"The potential for LC-MRM to assist treatments across diseases is enormous," concluded Koomen. The technology provides new ways to evaluate cancer that can be applied to research and clinical practice.


Story Source:

The above story is based on materials provided by H. Lee Moffitt Cancer Center & Research Institute. Note: Materials may be edited for content and length.


Journal Reference:

  1. Y. Xiang, E. R. Remily-Wood, V. Oliveira, D. Yarde, L. He, J. Q. Cheng, L. Mathews, K. Boucher, C. Cubitt, L. Perez, T. J. Gauthier, S. A. Eschrich, K. H. Shain, W. S. Dalton, L. Hazlehurst, J. M. Koomen. Monitoring a nuclear factor-kappaB signature of drug resistance in multiple myeloma. Molecular & Cellular Proteomics, 2011; DOI: 10.1074/mcp.M110.005520

Cite This Page:

H. Lee Moffitt Cancer Center & Research Institute. "Researchers use new tool to counter multiple myeloma drug resistance." ScienceDaily. ScienceDaily, 10 September 2011. <www.sciencedaily.com/releases/2011/09/110909141639.htm>.
H. Lee Moffitt Cancer Center & Research Institute. (2011, September 10). Researchers use new tool to counter multiple myeloma drug resistance. ScienceDaily. Retrieved July 26, 2014 from www.sciencedaily.com/releases/2011/09/110909141639.htm
H. Lee Moffitt Cancer Center & Research Institute. "Researchers use new tool to counter multiple myeloma drug resistance." ScienceDaily. www.sciencedaily.com/releases/2011/09/110909141639.htm (accessed July 26, 2014).

Share This




More Health & Medicine News

Saturday, July 26, 2014

Featured Research

from universities, journals, and other organizations


Featured Videos

from AP, Reuters, AFP, and other news services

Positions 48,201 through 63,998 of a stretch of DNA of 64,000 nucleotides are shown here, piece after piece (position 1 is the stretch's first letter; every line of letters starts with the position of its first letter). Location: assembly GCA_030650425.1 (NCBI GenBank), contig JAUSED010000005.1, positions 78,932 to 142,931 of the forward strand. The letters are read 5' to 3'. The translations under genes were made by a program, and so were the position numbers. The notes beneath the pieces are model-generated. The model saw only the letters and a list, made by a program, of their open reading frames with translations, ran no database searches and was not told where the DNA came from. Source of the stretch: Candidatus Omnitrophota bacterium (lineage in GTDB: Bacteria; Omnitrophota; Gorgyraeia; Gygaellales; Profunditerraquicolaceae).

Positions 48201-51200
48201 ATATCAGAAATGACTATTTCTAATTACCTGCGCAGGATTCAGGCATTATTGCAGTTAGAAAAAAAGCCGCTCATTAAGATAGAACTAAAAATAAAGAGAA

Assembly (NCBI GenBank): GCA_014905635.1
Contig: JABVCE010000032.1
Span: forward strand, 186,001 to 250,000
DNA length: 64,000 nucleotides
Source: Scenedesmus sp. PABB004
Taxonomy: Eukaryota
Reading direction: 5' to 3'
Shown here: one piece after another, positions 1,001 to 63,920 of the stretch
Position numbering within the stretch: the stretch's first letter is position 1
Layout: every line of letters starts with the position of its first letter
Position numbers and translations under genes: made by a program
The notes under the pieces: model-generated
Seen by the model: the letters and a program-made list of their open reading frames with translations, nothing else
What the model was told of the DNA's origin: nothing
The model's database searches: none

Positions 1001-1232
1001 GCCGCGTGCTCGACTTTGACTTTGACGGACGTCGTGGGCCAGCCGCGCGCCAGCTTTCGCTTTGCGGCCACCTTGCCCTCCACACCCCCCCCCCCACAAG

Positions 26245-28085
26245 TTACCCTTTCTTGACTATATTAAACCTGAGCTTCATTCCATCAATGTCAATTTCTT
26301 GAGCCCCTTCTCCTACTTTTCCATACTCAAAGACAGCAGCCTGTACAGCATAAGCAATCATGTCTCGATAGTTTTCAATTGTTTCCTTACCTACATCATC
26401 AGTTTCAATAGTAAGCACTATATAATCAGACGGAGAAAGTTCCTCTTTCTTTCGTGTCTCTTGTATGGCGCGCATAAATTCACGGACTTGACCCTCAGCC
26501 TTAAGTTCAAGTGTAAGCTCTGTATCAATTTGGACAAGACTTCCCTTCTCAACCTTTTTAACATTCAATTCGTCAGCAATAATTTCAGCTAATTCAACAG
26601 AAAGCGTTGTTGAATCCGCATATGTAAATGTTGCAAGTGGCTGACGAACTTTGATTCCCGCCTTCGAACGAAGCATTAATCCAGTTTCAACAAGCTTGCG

Beatings and Addiction: Pakistan Drug 'clinic' Tortures Patients

Beatings and Addiction: Pakistan Drug 'clinic' Tortures Patients

AFP (July 24, 2014) A so-called drugs rehab 'clinic' is closed down in Pakistan after police find scores of ‘patients’ chained up alleging serial abuse. Duration 03:05 Video provided by AFP
Powered by NewsLook.com
Too Few Teens Receiving HPV Vaccination, CDC Says

Too Few Teens Receiving HPV Vaccination, CDC Says

Newsy (July 24, 2014) The Centers for Disease Control and Prevention is blaming doctors for the low number of children being vaccinated for HPV. Video provided by Newsy
Powered by NewsLook.com
New Painkiller Designed To Discourage Abuse: Will It Work?

New Painkiller Designed To Discourage Abuse: Will It Work?

Newsy (July 24, 2014) The FDA approved Targiniq ER on Wednesday, a painkiller designed to keep users from abusing it. Like any new medication, however, it has doubters. Video provided by Newsy
Powered by NewsLook.com
Doctor At Forefront Of Fighting Ebola Outbreak Gets Ebola

Doctor At Forefront Of Fighting Ebola Outbreak Gets Ebola

Newsy (July 24, 2014) Sheik Umar Khan has treated many of the people infected in the Ebola outbreak, and now he's become one of them. Video provided by Newsy
Powered by NewsLook.com

Search ScienceDaily

Number of stories in archives: 140,361

Find with keyword(s):
Enter a keyword or phrase to search ScienceDaily for related topics and research stories.

Save/Print:
Share:

Breaking News:
from the past week

In Other News

... from NewsDaily.com

Science News

Health News

Environment News

Technology News



Save/Print:
Share:

Free Subscriptions


Get the latest science news with ScienceDaily's free email newsletters, updated daily and weekly. Or view hourly updated newsfeeds in your RSS reader:

Get Social & Mobile


Keep up to date with the latest news from ScienceDaily via social networks and mobile apps:

Have Feedback?


Tell us what you think of ScienceDaily -- we welcome both positive and negative comments. Have any problems using the site? Questions?
Mobile: iPhone Android Web
Follow: Facebook Twitter Google+
Subscribe: RSS Feeds Email Newsletters
Latest Headlines Health & Medicine Mind & Brain Space & Time Matter & Energy Computers & Math Plants & Animals Earth & Climate Fossils & Ruins